Tonsil Stone Removal with Tonsillectomy

Tonsillectomy is oftentimes recommended by an ear, nose and throat doctor when a person continues to suffer from painful tonsils that can either be enlarged or swollen, as well as from chronic tonsillitis. This is a surgical procedure that basically removes the tonsils.

Several parents who desire tonsil stone removal choose this particular process especially if their children suffer from significant tonsil infections more than five times every year. Anyone who has undergone tonsillectomy, which usually lasts for forty-five minutes, will definitely experience some known side effects.

Tonsil Stone Removal – Getting Past the Pain

Pain will certainly be a side effect after the quick procedure. The pain associated with the surgical procedure is expected to last for a few weeks. This particular pain is normally felt in the throat. But there are some cases when the pain is also experienced in the jaw for at most two days right after the surgery.

Moderate to severe pain can be expected for two to seven days after tonsillectomy. Therefore, it is best to ask the doctor for pain medications to ease the discomfort. The prescribed medicines can also help one to relax and have a good night sleep. If pain is still experienced after two weeks, the patient should consult his doctor. This can be a warning that the incisions are not properly healing.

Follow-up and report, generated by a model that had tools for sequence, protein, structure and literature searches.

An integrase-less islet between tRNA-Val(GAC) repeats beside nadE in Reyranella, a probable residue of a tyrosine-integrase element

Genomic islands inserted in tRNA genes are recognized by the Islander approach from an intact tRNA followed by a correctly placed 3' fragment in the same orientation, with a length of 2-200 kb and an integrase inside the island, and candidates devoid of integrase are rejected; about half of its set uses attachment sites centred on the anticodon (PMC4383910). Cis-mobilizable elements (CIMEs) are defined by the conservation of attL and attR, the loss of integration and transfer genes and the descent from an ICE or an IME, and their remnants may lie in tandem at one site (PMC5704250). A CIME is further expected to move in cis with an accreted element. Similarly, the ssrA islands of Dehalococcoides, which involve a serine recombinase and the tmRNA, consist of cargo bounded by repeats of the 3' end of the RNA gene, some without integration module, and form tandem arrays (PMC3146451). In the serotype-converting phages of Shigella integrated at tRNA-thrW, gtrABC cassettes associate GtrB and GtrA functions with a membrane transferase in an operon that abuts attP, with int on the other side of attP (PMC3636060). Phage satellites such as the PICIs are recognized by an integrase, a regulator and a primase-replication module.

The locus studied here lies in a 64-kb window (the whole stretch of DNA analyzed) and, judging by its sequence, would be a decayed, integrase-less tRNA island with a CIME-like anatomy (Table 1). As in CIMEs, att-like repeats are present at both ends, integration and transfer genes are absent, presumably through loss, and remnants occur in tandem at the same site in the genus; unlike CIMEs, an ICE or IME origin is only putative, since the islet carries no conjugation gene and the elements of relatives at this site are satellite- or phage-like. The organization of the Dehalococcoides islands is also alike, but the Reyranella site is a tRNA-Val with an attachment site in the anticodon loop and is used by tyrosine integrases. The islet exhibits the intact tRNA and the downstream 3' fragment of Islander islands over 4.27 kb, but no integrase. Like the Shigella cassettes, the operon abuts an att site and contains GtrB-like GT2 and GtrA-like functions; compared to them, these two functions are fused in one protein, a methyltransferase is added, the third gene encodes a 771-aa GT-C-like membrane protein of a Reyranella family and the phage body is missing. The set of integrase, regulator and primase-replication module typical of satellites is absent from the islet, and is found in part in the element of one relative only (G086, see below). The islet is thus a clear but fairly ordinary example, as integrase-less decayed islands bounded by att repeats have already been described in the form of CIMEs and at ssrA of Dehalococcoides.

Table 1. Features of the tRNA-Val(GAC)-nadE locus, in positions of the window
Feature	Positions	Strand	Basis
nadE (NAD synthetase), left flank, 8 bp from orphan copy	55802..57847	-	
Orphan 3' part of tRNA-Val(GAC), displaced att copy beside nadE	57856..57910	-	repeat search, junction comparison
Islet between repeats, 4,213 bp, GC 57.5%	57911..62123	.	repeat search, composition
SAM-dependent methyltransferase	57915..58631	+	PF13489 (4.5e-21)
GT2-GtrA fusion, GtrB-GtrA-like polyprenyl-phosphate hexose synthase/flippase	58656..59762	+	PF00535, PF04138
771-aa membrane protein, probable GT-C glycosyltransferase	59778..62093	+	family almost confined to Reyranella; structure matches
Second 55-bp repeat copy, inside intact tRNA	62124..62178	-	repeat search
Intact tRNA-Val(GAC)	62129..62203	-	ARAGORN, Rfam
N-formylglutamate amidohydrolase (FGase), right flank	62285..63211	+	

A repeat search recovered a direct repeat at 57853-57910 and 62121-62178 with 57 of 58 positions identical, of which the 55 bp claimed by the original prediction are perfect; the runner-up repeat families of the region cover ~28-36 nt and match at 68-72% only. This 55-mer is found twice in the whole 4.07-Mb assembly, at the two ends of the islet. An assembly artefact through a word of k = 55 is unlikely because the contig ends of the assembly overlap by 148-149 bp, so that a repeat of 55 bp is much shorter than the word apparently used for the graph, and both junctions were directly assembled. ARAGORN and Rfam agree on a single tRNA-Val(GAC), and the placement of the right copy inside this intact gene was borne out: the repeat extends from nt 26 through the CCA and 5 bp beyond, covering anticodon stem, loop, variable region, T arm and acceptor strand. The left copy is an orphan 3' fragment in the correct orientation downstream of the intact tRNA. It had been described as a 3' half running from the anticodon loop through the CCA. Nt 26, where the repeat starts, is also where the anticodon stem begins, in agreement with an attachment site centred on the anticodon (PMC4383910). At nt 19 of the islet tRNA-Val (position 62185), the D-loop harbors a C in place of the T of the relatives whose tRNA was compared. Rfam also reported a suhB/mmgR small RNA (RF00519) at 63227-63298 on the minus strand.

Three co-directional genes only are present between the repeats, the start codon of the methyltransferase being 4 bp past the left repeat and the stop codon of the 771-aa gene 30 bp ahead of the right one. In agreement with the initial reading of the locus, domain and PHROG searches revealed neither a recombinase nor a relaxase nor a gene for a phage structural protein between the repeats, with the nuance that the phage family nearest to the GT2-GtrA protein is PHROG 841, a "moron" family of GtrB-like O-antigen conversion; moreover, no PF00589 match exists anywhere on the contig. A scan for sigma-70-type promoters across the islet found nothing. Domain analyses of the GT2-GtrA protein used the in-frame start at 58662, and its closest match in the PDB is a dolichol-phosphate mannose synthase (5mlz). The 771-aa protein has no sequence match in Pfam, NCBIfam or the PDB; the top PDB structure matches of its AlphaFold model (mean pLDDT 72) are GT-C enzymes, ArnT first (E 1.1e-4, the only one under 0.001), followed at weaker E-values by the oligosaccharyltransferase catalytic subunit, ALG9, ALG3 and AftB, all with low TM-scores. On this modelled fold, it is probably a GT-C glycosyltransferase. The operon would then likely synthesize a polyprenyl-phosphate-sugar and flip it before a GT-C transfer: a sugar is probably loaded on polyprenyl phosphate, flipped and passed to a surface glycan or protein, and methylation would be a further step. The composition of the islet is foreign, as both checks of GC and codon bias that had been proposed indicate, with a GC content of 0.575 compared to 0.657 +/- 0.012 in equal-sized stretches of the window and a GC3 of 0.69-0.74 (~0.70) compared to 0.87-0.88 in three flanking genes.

Swelling is also another side effect, which can occur for two weeks. The inside of the patient’s mouth, as well as his face and neck can be puffed-up. The swelling can be diminished by placing an ice pack on the throat for every thirty minutes or even an hour.

Oral bleeding is one of the most devastating side effects of tonsillectomy. This is mostly because of the open wound in the patient’s mouth. Blood can be present all over the mouth such as the teeth, lips and tongue. Bleeding can take place from to two to seven days after the surgical procedure.

The patient who has undergone tonsillectomy for tonsil stone removal will also have difficulty in eating and swallowing. This can happen during the first two weeks after the surgery. The open wound where the tonsil was removed can be scabbed, thus preventing the wound from getting healed when the patient eats hot food. Therefore, it is recommended for a patient to opt for cold diet. One can stick to ice creams and milkshakes until he can swallow again without the pain. Soft food should be eaten slowly and in smaller portions.